Group Purchase of Azide/Diazo Sensitizer - replacement for dichromate in carbon, etc.

Discussion in 'Alternative Processes' started by holmburgers, Sep 18, 2012.

  1. holmburgers

    holmburgers Member

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    Hi all,

    A group buy is being organized to purchase an azide sensitizer (erroneously referred to diazo as well) for use in the carbon process.

    We've been discussing this in depth on this thread (last several pages), but I thought I'd post a specific thread to get anybody who may have missed the other.

    In case you're not familiar, azide and diazo sensitizers are non-toxic alternatives to potassium & ammonium dichromate. They are not carcinogens, are not environmental pollutants and have no shipping restrictions.

    Moreover, they don't have a dark reaction and thus can be incorporated into carbon tissues from the outset and can be stored for extended periods of time. UltraStable Color Carbon Tissues were made with this very same sensitizer, and tissues that are 15+ years old still expose and etch within very acceptable limits.

    I believe this stuff can revolutionize the carbon process. It will work on all protein-hardening based colloids (caesin, gelatin, etc.) but may not work for gum. Please refer to the experts on this point...

    Anyways, if you're interested please PM me, post here or email me at my APUG username @ yahoo.com. This group buy represents a very significant savings over other suppliers and is the same stock that Tod Gangler uses to make his color carbon prints.

    We're looking at somewhere between $180 to $200/kilogram, plus shipping. International should be OK.

    FYI, they are used at a smaller percentage than the dichromates; somewhere around 0.6% if incorporated into the "glop".

    Still working out the details, but so far the response has been great!

    Thanks all,

    Chris
     
  2. holmburgers

    holmburgers Member

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    Just wanted to drop a quick update; things are still progressing.

    Thanks for sittin' tight!
     
  3. michaelbsc

    michaelbsc Member

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    Chris, is the purchases list fixed yet?

    Or can one still get in?

    MB
     
  4. CMB

    CMB Member

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    Its works well on gum too (DASGum Process?).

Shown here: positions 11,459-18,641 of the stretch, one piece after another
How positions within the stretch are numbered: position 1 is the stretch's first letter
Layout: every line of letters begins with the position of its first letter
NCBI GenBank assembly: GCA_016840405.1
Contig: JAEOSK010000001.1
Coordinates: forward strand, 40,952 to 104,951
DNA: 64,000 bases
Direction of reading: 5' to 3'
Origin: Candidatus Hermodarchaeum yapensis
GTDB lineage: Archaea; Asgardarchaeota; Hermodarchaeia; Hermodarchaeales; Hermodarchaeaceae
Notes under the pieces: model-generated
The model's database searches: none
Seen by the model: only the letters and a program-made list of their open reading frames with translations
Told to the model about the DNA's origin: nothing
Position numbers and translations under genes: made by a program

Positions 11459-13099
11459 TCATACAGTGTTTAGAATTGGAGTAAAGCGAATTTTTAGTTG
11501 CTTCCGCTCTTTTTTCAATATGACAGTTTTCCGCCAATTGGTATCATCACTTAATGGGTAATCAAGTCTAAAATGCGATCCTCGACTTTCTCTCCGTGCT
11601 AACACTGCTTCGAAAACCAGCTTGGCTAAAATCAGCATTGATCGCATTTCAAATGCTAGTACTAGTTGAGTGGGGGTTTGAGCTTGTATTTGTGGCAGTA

Charles
     
  5. holmburgers

    holmburgers Member

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    Hi Michael, no the list is definitely not fixed. If you are interested, I will get you on there. Just send me an email so I have something "official". The same goes for anyone else. Nothing is set in stone until the order is made, and there will be a lot of notice before that happens.

    And there you have it, good for gum too!

    The latest news I can give is that I'm still waiting to hear back from Tod Gangler about the samples he is testing. Like I said in the beginning, this will take a few months, if not more. All systems are still go though.

    Cheers guys,

    Chris
     
  6. CMB

    CMB Member

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    Early report from Tod is that the DAS sensitizer is 'perfect' - an exact match of what he has been using (they are probably from the same batch). In any event, he'll be sending Chris densitometer measurements and etc in a few days.

    BTW: APUG'er Rob Shaffer and SJSU Alternative Media teacher Hedwig Heerschop will be presenting the results of their DAS-Gum experiments at the November 17th meeting of the Historic Photo Processes Forum http://www.santacruzmah.org/event/historic-photo-processes-forum-3/.

    Charles
     
  7. Paolo M.

    Paolo M. Member

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    Hi Chris,
    I've sent you a PM; Did you receive my e-mail?

    Paolo
     
  8. holmburgers

    holmburgers Member

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  9. keesbran

    keesbran Member

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    Hi Charles,

    After reading this I did my DASgum test again by mixing a regular 14 baumé gum pigment mix 1:1 with a 3% DAS solution. Normaly I mix this 1:1 with a 10% potassiumdichromate. With several exposure times longer and shorter than my regular 4 minutes I never could make the gum harden and hold the pigment. Gum is different than other colloïds being a polysaccharide. As I have understood the hardening in the gum process is of the complex forming kind as in proteïn based colloïds the DAS hardening is of the free radical type. But correct me if I'm wrong.
    For the gummist there is hope too. I am currently testing DAS with several synthetic colloïds and one of these looks very promising. It's even cutting down exposure times in a dramatic way. Only how to call this new approach...
    I will post about this and other non-toxic pigment colloïd methods on zerochrome.org in the near future. So maybe I should coin zerochrome for the newborn.

    regards,

    kees
     
  10. keesbran

    keesbran Member

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    DASgum

    I looked this up in Kosar's Light-Sensitive Systems and found on page 331 of my 1965 copy, in the section about aromatic azides, a reference to a (Fr. ?) patent (886,716/1942) by Kalle A.G.